Mathematics Stack Exchange is a question and answer site for people studying math at any level and professionals in related fields. It's 100% free, no registration required.

Sign up
Here's how it works:
  1. Anybody can ask a question
  2. Anybody can answer
  3. The best answers are voted up and rise to the top

The question contains 2 stages:

  1. Prove that ${\aleph_n} ^ {\aleph_1} = {2}^{\aleph_1}\cdot\aleph_n$

This one is pretty clear by induction and by applying Hausdorff's formula.

  1. Prove ${\aleph_\omega} ^ {\aleph_1} = {2}^{\aleph_1}\cdot{\aleph_\omega}^{\aleph_0}$

Is there an easy proof for the second one?

Thanks in advance.

share|cite|improve this question
up vote 7 down vote accepted

As you mention, the first equation is a consequence of Hausdorff's formula and induction.

For the second: Clearly the right hand side is at most the left hand side. Now: Either $2^{\aleph_1}\ge\aleph_\omega$, in which case in fact $2^{\aleph_1}\ge{\aleph_\omega}^{\aleph_1}$, and we are done, or $2^{\aleph_1}<\aleph_\omega$.

I claim that in this case we have ${\aleph_\omega}^{\aleph_1}={\aleph_\omega}^{\aleph_0}$. Once we prove this, we are done.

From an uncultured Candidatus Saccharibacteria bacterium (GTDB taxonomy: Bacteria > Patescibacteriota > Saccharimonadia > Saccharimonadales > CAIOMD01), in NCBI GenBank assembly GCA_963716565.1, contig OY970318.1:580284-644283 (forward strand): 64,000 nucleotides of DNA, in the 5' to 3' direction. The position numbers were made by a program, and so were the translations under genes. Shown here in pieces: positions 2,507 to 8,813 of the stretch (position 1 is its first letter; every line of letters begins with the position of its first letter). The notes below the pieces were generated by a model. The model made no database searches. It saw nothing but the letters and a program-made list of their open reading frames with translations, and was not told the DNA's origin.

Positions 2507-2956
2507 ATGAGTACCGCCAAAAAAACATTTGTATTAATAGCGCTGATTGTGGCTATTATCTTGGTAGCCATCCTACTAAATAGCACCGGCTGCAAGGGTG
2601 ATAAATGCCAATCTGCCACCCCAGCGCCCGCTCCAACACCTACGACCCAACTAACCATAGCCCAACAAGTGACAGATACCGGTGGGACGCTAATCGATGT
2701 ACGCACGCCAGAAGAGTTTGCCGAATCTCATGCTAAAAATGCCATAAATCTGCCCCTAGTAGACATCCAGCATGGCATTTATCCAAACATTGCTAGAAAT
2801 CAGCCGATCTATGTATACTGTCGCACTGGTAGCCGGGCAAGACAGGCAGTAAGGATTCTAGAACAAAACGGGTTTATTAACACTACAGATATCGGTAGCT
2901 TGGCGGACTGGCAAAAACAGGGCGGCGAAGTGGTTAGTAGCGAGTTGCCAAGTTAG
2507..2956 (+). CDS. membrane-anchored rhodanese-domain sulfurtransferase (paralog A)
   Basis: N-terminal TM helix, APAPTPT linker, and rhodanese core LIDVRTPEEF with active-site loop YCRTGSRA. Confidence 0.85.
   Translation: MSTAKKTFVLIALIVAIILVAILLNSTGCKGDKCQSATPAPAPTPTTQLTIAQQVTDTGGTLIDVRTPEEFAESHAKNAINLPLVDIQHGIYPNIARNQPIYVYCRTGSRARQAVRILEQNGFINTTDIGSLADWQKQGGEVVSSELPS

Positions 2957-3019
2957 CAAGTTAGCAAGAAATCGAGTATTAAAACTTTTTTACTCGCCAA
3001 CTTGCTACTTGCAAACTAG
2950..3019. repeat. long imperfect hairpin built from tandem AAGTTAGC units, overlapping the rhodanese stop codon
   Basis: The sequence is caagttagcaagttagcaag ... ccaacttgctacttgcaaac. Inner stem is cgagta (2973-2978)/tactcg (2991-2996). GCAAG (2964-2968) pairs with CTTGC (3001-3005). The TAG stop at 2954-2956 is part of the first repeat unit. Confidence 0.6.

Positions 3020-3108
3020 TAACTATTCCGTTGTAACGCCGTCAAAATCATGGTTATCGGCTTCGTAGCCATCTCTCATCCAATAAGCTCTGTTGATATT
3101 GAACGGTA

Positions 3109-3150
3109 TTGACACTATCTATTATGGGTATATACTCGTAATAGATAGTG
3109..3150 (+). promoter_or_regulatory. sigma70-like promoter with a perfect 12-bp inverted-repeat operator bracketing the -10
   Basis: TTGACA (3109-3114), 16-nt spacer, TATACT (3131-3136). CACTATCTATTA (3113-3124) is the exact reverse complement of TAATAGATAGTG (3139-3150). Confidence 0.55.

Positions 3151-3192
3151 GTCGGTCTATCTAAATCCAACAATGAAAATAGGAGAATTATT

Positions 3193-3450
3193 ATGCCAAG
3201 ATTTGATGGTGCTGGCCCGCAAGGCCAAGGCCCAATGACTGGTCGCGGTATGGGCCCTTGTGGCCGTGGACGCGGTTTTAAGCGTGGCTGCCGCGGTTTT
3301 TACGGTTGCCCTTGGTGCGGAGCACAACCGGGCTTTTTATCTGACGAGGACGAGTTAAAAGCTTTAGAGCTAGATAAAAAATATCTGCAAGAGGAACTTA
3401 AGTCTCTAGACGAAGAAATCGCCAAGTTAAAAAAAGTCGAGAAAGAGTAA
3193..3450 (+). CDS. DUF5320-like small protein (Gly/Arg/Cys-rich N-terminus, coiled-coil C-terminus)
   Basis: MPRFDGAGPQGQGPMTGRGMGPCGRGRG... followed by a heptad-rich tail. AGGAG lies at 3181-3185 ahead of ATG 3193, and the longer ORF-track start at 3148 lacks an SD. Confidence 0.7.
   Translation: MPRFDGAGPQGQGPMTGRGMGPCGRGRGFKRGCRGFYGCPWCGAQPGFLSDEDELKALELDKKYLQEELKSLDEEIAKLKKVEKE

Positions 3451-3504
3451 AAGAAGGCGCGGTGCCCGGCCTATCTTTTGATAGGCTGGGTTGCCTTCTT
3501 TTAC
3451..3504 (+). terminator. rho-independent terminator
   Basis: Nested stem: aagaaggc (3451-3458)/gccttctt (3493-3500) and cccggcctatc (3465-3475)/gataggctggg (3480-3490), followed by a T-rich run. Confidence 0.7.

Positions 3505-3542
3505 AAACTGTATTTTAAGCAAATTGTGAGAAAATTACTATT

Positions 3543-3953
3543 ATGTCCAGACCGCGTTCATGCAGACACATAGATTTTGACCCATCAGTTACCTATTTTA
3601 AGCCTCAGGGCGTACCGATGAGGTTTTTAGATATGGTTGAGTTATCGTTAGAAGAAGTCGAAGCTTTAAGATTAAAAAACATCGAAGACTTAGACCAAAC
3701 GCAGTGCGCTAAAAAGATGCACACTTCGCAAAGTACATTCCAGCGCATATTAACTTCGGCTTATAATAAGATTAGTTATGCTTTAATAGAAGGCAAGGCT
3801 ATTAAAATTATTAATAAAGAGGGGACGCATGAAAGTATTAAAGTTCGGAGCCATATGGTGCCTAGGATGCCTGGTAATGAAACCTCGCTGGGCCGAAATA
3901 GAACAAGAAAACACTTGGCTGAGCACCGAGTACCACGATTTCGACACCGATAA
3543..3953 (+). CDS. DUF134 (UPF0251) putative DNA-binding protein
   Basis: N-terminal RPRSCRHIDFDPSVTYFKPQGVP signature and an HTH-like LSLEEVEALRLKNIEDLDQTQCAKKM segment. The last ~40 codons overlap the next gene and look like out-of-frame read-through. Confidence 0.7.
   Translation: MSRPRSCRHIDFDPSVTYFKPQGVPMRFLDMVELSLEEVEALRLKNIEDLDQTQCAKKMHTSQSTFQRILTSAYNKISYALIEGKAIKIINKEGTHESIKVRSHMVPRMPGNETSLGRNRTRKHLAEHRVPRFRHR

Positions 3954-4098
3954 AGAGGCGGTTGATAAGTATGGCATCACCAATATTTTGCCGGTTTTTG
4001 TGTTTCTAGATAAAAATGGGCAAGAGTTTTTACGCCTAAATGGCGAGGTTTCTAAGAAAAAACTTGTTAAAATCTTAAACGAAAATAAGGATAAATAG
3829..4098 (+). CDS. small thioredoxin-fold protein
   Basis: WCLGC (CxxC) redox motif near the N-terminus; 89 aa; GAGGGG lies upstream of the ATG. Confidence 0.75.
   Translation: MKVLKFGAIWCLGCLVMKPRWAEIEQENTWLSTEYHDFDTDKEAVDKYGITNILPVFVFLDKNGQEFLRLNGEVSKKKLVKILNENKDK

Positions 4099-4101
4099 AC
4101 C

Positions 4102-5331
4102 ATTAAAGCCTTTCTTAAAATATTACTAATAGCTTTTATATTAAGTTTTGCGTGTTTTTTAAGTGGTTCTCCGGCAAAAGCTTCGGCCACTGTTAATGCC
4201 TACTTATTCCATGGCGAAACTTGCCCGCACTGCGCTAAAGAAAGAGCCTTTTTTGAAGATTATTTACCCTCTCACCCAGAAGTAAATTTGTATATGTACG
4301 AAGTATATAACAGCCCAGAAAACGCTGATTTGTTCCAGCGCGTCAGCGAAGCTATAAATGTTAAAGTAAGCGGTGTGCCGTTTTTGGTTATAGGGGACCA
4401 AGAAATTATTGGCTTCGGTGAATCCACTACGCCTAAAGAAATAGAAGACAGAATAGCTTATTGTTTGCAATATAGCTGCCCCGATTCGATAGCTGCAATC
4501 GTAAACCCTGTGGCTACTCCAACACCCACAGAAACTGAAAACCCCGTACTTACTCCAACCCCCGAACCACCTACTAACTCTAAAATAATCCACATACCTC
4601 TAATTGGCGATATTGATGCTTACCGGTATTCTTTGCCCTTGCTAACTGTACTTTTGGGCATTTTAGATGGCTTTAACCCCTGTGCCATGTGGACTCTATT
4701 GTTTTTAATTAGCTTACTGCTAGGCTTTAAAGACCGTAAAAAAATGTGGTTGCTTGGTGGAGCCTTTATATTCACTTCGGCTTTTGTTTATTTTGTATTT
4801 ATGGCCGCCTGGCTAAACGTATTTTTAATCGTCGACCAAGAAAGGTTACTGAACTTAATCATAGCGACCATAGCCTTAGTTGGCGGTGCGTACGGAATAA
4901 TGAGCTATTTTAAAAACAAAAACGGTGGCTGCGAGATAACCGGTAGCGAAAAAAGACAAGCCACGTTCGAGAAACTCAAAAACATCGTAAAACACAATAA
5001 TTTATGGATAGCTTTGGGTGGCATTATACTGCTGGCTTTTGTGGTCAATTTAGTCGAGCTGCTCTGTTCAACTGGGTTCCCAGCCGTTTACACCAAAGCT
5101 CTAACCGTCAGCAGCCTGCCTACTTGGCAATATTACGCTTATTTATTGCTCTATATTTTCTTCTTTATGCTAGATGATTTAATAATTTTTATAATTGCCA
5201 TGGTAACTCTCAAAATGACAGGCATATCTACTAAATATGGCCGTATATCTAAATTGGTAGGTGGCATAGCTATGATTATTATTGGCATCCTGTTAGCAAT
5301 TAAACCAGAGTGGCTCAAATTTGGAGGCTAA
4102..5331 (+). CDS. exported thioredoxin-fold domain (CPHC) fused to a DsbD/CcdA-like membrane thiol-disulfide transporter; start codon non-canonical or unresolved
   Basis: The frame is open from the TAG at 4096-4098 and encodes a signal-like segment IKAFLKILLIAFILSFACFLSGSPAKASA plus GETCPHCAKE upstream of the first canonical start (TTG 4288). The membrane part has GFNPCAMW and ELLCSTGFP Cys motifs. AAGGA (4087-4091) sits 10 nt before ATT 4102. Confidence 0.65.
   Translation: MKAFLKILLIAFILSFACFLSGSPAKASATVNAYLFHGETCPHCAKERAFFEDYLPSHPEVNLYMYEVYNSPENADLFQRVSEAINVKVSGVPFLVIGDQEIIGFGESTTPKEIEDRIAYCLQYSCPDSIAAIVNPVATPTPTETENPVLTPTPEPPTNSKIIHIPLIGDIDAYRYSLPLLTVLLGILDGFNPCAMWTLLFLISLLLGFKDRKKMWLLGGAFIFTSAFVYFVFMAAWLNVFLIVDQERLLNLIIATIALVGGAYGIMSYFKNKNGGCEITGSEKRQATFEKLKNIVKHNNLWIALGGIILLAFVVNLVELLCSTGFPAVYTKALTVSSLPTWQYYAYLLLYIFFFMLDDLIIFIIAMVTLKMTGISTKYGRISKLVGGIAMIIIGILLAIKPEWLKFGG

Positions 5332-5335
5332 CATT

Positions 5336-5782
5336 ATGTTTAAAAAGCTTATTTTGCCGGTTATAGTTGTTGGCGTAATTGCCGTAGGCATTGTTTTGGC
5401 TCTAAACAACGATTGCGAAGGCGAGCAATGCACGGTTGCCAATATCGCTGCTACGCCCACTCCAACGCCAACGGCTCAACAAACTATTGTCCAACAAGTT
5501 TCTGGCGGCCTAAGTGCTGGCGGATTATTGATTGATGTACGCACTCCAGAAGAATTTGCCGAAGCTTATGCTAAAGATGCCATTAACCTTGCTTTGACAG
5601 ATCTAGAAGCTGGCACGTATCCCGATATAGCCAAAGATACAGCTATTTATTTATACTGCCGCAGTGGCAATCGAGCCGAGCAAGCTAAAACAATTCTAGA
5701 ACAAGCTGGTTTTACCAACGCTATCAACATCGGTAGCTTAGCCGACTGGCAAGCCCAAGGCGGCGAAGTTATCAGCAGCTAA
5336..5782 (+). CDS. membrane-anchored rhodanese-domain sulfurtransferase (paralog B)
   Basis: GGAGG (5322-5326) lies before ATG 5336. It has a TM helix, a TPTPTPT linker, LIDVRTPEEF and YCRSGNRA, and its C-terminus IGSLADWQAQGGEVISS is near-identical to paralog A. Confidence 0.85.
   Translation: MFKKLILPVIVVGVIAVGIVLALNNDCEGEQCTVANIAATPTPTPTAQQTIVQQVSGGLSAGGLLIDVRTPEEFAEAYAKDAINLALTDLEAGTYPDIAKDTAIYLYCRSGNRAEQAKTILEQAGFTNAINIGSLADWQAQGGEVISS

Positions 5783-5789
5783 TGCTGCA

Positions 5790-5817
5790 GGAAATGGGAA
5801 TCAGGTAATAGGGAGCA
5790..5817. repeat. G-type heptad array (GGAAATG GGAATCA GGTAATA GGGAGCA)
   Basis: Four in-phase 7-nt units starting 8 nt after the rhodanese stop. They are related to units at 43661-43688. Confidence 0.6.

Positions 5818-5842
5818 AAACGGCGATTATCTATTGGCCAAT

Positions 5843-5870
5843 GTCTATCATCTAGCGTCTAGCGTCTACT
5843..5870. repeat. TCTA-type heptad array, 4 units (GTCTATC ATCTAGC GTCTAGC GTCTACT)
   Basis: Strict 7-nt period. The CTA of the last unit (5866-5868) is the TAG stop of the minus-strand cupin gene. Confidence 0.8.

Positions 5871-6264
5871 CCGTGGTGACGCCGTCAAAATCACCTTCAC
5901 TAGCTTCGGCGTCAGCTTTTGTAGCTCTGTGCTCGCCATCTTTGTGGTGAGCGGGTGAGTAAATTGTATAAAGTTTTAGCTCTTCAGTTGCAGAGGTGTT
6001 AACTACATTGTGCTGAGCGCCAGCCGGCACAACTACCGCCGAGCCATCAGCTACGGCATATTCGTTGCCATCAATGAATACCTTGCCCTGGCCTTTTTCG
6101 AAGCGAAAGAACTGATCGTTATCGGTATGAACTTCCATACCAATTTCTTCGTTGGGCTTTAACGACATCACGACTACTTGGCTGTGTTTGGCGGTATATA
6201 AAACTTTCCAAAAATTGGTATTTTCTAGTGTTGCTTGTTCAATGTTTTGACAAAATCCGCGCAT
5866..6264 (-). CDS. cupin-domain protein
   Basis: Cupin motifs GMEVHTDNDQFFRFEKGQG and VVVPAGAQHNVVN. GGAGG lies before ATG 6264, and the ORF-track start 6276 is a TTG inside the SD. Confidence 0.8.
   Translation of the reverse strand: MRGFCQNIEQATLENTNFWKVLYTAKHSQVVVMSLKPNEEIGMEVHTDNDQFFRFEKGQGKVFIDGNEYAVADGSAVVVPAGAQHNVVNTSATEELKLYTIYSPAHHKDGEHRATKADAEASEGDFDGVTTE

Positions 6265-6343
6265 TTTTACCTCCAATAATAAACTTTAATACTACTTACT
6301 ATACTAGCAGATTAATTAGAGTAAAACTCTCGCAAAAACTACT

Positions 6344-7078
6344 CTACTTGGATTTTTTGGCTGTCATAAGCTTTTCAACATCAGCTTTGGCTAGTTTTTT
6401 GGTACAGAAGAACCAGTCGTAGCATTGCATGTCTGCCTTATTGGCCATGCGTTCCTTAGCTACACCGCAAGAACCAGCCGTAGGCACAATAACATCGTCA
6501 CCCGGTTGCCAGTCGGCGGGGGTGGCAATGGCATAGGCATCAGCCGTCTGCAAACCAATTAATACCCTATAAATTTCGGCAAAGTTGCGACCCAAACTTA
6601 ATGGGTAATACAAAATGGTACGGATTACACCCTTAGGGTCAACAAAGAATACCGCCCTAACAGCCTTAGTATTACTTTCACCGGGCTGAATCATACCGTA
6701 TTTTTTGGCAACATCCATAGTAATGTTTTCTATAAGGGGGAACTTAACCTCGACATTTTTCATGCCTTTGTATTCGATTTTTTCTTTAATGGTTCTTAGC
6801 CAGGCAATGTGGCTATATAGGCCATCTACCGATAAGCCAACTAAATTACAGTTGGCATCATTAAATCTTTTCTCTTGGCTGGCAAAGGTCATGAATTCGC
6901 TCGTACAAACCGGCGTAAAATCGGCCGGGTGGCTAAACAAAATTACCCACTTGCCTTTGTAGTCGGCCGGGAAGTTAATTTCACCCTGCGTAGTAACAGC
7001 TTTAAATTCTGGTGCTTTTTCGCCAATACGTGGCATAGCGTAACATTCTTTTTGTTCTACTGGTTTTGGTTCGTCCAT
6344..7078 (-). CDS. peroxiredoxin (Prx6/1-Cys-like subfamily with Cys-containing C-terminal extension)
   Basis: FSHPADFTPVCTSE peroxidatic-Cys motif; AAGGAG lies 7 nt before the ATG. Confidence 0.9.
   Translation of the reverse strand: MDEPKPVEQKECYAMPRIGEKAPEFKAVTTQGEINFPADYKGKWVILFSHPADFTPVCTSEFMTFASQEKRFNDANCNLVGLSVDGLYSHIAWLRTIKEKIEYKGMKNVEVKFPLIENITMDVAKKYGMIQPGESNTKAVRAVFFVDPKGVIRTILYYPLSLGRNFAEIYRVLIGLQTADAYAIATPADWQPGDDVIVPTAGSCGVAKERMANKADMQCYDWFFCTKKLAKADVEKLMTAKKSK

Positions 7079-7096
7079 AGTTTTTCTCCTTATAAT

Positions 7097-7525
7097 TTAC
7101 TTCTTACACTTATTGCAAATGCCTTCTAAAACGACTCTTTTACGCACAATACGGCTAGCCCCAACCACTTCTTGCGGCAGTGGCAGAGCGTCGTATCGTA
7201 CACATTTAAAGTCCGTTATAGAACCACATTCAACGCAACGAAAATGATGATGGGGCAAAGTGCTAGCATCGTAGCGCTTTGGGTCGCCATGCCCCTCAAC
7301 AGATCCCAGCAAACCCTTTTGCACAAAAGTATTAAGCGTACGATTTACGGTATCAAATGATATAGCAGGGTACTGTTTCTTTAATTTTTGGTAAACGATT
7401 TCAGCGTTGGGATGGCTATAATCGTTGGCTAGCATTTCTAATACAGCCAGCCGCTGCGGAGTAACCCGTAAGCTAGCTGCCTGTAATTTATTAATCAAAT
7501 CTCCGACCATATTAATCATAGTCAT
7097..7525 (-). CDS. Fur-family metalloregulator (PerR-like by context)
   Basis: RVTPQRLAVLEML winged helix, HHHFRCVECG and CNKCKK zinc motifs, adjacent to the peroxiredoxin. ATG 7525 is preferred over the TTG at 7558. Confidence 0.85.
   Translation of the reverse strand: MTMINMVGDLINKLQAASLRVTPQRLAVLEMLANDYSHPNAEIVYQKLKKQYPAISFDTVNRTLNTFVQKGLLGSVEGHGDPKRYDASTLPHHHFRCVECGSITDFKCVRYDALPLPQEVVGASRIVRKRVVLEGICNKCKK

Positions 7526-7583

Note that $\aleph_\omega={\rm sup}_n\aleph_n\le\prod_n\aleph_n$, so $$ {\aleph_\omega}^{\aleph_1}\le\left(\prod_n\aleph_n\right)^{\aleph_1}=\prod_n{\aleph_n}^{\aleph_1}. $$

Now use part 1, to conclude that ${\aleph_n}^{\aleph_1}<\aleph_\omega$ for all $n$, since we are assuming that $2^{\aleph_1}<\aleph_\omega$. This shows that the last product is at most $\prod_n \aleph_\omega={\aleph_\omega}^{\aleph_0}$.

This shows that ${\aleph_\omega}^{\aleph_1}\le {\aleph_\omega}^{\aleph_0}$. But the other inequality is obvious, and we are done.

share|cite|improve this answer

Your Answer


By posting your answer, you agree to the privacy policy and terms of service.

Not the answer you're looking for? Browse other questions tagged or ask your own question.